During your cabin stay in the Smoky Mountains, your time is precious, so here’s a guide to some of the best quick and super-easy ways to venture outdoors into nature and the mountains. Even though the cabin life is great to hang out in, if you want to get out, here’s how to take an hour or two for short excursions that create family memories forever.
If you want to enjoy the abundant nature experiences and scenic views of the Smoky Mountains, but you’re not an experienced hiker, or you have young children or physical challenges, the very best news is that the park rangers have done amazing things to help share their national park with you.
There are walking trails that even a wheelchair or baby stroller can go on. There are scenic trails that you can drive along and stay in your vehicle. There are waterfalls you can drive up to see. We’ve gathered some of the best easy nature experiences for you.
Easy Walks in the Smoky Mountains
Use our guide to some of the best places to take an easy walk, even by wheelchair, and still enjoy the outdoors hiking views of Great Smoky Mountains National Park: Easy Walks in the Smoky Mountains.
Be sure to check all the links in that article to the public parks and especially to the Roaring Fork Motor Nature Trail. This incredible scenic drive deserves a special mention because it’s really in a class of its own. It’s a nature trail with multiple sights and attractions, but the park has made it a one-way driving loop as well. It’s the best of both worlds, and it starts right in Gatlinburg.
The Quiet Walkways of Great Smoky Mountains National Park
The Quiet Walkways are very short trails that lead straight from the road to special places, usually deep in the forest, that rangers have selected for their impact. In a few minutes you can be away from the traffic and the crowds, stretching your legs and plunging into nature.
The quiet walkways are typically only 1/4 to 1/2 mile in length, and they’re easy to miss. Most people drive right by them – this works in your favor of course, if you stop.
See our two articles on these great little trails:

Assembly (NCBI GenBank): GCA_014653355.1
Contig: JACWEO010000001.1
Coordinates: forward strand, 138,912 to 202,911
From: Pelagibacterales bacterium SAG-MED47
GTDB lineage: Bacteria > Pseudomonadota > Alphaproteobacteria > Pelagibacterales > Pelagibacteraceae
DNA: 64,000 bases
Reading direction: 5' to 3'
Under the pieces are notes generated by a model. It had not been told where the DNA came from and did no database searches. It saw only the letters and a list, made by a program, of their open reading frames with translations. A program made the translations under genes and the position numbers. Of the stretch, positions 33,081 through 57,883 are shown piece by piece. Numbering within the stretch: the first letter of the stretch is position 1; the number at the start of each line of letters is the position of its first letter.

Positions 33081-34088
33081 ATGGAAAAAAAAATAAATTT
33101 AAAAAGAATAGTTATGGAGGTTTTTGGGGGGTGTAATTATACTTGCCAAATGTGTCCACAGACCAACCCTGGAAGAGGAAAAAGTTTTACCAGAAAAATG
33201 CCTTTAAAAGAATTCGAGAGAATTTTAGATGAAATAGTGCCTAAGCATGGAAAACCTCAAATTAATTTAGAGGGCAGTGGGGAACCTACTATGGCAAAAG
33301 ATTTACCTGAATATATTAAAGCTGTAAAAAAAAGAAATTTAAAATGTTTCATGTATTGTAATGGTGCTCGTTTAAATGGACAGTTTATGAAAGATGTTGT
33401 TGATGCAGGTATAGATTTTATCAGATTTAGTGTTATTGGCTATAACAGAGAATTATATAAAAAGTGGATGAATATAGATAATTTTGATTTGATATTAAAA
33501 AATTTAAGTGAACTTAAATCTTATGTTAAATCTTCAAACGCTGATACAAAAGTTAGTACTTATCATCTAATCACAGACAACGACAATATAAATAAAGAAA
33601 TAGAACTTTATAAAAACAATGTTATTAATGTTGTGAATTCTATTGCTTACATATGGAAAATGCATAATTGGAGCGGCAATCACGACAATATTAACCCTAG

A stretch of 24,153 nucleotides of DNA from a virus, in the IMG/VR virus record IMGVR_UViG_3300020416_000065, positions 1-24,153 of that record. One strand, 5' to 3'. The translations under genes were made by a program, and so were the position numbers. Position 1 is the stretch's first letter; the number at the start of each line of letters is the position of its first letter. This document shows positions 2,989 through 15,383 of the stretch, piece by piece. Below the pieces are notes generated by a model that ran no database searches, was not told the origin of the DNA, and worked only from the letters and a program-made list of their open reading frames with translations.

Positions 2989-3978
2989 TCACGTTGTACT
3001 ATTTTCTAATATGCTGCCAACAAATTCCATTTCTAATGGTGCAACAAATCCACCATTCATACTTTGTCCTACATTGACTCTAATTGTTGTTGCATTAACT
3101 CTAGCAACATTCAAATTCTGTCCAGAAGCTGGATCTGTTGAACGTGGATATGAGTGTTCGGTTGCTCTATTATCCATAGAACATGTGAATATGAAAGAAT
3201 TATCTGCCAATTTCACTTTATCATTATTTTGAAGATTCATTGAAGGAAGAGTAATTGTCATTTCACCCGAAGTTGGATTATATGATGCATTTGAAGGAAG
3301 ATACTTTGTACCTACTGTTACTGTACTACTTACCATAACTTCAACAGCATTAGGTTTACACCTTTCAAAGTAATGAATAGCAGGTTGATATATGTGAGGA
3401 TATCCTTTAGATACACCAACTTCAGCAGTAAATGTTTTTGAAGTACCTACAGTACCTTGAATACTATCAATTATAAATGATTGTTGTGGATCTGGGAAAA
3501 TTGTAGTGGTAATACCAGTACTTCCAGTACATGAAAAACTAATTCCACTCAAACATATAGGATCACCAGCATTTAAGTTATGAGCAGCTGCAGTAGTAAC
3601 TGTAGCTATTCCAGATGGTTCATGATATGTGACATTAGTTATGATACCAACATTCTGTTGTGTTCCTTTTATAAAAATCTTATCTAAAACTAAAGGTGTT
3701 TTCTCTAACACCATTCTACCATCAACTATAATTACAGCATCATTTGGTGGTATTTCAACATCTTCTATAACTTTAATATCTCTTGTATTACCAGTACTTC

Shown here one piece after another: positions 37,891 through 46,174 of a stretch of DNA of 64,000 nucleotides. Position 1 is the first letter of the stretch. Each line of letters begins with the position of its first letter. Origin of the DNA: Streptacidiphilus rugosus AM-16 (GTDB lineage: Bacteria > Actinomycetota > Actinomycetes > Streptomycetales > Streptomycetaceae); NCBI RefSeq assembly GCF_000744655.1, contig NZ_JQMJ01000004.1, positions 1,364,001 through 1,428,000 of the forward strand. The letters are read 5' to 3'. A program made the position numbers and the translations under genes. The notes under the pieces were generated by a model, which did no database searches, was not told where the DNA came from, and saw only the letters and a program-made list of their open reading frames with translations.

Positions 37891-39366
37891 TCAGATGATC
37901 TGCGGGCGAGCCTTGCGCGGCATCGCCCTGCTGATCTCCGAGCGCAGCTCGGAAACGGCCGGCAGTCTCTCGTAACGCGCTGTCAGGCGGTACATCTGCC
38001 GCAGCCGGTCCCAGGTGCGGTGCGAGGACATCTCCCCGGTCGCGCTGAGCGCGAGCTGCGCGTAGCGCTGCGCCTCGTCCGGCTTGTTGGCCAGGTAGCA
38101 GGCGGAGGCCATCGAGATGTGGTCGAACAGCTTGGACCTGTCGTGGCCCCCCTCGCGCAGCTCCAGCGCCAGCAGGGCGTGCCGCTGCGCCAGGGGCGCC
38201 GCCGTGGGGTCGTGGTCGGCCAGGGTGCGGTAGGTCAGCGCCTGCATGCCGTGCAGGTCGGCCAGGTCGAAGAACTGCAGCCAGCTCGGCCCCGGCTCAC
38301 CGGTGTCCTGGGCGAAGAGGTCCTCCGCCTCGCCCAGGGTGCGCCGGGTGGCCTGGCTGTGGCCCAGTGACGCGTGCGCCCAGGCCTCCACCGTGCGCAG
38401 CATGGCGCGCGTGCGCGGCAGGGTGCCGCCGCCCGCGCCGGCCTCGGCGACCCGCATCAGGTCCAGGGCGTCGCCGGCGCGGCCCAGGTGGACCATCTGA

The Quiet Walkways of Great Smoky Mountains National Park are hidden gems. There are about 14 of them throughout the park, many of them along the same highway. Check our guides for some that look good to you, and consider taking a scenic drive with stops for leg stretching and moments of calm, and natural wonder, along the way.
The Nature Trails of Great Smoky Mountains National Park
The designated Nature Trails are chosen for the significant natural features that they offer. They are short and easy trails, usually less than a mile long, and developed by park rangers with the non-hiker in mind. They lead through stunningly beautiful selected areas of the park.
For some of the best ones, see our guide to the Nature Trails of Great Smoky Mountains National Park.
While the Quiet Walkways are selected and maintained as brief excursions off the road and into nature, the Nature Trails are created for their superb natural features. Both types of trail are actually hiking trails, and although they’re fairly mild as hikes, they can all be slippery in the wet or close to streams.
And in a national park full of trees, there are always roots to watch out for. Always look where you’re putting your feet along any trail, and don’t let children wander. Having said that, 3 of the nature trails are so easy that they’re included in our guide linked above to Easy Walks.
Now that you know how special the nature trails are, it’s easy to see that the most unique of all the nature trails is the Roaring Fork Motor Nature Trail, linked to above, the only one of its kind in the park.
Most people come to the national park by car, and it’s the most common way to get around. And with so many scenic drives, cruising the Smokies is a joy in itself. These additional walkways and trails are extras that you can map out for yourself, since most of them are along the way to somewhere else, a scenic stop along a scenic drive.
More Ways Into Nature in the Smoky Mountains
There are so many things to do in the Gatlinburg and Pigeon Forge area and Great Smoky Mountains National Park that no one can do everything they would like to. Be sure to see our series of guides to family-fun Outdoor Activities. And here are a few more tips to save you time.
For a detailed look at the sequence of color changes – and to get the latest updates – check out our guide to Fall Colors in Great Smoky Mountains National Park and for the most fun and easy ways to catch the best of the color changes, see our guide to the Best Ways to See the Fall Colors in the Smoky Mountains.
One of the most popular destinations in the national park are the numerous waterfalls. There are actually two that you can drive to and see from your car. This is an immense treat for those with pets or small children, or with someone physically challenged.See our Guides:
- Place of a Thousand Drips: The Smoky Mountains Best Waterfall
- Meigs Falls: A Drive-Up Waterfall
- and for more falls: Waterfalls in Great Smoky Mountains National Park
Finally, there are several chair lifts and coasters, and other ways to gain altitude and enjoy the mountains, frequently right in town.
Remember the chair lifts such as the Gatlinburg Sky Lift, Anakeesta, and Ober Gatlinburg’s ski-mountain chair lift which operates in summer for high mountain views, as well as its famous year-round Aerial Tramway.
Whatever you do to get outdoors, remember to call us anytime at 855-91-SMOKY for answers or assistance, and check our TIPS articles for how to make the most of your Gatlinburg cabin rental and your Pigeon Forge cabin.